YOUR letters page reveals that there are still people labouring under the na-ve impression that a regional assembly will somehow give them more control over how we are governed, something no local government reorganisation has ever done.

The regions are the units of government of the European Union. A vote for a regional assembly is a vote for the eventual extinguishing of British sovereignty and subjugation to dictatorial rule by unelected bureaucrats in Brussels.

The choice is as simply and as potentially catastrophic as that, and all the rest is empty rhetoric ( just a lot of hot air.


Leaflet published by county council comes under fire

IAM a school governor and I have received a copy of a leaflet published by Durham County Council called Your County Your Choice.

The rest of this article is only available to active members of Questia

Sign up now for a free, 1-day trial and receive full access to:

  • Questia's entire collection
  • Automatic bibliography creation
  • More helpful research tools like notes, citations, and highlights
  • Ad-free environment

Already a member? Log in now.

Notes for this article

Add a new note
If you are trying to select text to create highlights or citations, remember that you must now click or tap on the first word, and then click or tap on the last word.
Loading One moment ...
Project items
Cite this article

Cited article

Citations are available only to our active members.
Sign up now to cite pages or passages in MLA, APA and Chicago citation styles.

Cited article

Next Target of the Government Will Hit Genealogy Research


Text size Smaller Larger
Search within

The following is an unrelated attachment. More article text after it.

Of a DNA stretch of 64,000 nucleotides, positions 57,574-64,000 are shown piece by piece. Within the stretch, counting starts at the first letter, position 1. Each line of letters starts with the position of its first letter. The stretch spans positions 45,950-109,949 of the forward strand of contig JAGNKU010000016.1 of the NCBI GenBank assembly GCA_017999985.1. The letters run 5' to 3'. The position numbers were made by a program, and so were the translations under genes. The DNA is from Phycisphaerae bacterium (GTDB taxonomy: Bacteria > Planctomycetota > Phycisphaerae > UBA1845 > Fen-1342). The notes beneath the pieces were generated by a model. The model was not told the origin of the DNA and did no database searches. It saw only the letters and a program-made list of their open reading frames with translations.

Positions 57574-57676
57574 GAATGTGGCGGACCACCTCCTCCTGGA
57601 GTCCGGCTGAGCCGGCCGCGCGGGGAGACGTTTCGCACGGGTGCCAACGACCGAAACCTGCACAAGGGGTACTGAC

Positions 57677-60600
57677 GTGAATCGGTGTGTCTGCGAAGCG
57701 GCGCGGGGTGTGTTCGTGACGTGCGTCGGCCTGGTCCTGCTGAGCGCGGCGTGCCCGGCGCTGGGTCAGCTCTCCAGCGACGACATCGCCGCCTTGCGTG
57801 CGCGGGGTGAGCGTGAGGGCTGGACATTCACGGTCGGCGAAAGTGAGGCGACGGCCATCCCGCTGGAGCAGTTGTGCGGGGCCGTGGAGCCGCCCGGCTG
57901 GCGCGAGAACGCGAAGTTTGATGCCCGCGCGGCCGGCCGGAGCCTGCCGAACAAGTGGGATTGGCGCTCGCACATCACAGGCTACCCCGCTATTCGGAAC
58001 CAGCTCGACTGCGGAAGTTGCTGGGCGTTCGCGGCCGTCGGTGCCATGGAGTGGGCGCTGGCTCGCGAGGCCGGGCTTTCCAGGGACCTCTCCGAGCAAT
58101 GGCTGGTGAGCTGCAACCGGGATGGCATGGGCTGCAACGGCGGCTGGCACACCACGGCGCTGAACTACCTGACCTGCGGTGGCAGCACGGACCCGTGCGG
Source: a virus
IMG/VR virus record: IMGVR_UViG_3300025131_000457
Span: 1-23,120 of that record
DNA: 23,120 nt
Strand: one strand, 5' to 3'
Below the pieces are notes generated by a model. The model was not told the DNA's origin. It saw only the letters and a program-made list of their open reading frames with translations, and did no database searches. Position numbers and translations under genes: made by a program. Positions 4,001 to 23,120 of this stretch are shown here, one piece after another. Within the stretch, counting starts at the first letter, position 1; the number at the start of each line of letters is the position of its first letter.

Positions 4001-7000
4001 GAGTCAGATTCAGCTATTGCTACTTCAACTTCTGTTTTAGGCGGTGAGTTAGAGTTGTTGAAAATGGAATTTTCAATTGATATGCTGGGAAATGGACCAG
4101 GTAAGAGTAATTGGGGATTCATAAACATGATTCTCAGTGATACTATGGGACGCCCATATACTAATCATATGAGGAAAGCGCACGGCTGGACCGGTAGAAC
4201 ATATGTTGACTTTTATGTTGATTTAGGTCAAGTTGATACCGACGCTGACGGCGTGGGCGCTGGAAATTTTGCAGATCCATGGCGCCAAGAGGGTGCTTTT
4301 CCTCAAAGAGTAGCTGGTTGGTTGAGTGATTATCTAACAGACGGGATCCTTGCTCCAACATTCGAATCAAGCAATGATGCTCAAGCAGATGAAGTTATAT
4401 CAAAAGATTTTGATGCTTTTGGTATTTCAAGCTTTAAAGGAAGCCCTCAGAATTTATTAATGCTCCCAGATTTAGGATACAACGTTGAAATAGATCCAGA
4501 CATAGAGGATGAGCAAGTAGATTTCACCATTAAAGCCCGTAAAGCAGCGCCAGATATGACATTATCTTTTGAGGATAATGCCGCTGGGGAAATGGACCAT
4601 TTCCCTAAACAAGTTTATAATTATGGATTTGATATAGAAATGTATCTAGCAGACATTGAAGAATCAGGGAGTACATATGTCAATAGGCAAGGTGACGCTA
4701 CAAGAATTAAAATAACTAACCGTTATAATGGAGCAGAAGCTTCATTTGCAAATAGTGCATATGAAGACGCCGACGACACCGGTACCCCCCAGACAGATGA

Search within this article

Look up

Look up a word

  • Dictionary
  • Thesaurus
Please submit a word or phrase above.
Print this page

Print this page

Why can't I print more than one page at a time?

While we understand printed pages are helpful to our users, this limitation is necessary to help protect our publishers' copyrighted material and prevent its unlawful distribution. We are sorry for any inconvenience.
Full screen

matching results for page

Cited passage

Citations are available only to our active members.
Sign up now to cite pages or passages in MLA, APA and Chicago citation styles.

Cited passage

Welcome to the new Questia Reader

The Questia Reader has been updated to provide you with an even better online reading experience.  It is now 100% Responsive, which means you can read our books and articles on any sized device you wish.  All of your favorite tools like notes, highlights, and citations are still here, but the way you select text has been updated to be easier to use, especially on touchscreen devices.  Here's how:

1. Click or tap the first word you want to select.
2. Click or tap the last word you want to select.

OK, got it!

Thanks for trying Questia!

Please continue trying out our research tools, but please note, full functionality is available only to our active members.

Your work will be lost once you leave this Web page.

For full access in an ad-free environment, sign up now for a FREE, 1-day trial.

Already a member? Log in now.

Are you sure you want to delete this highlight?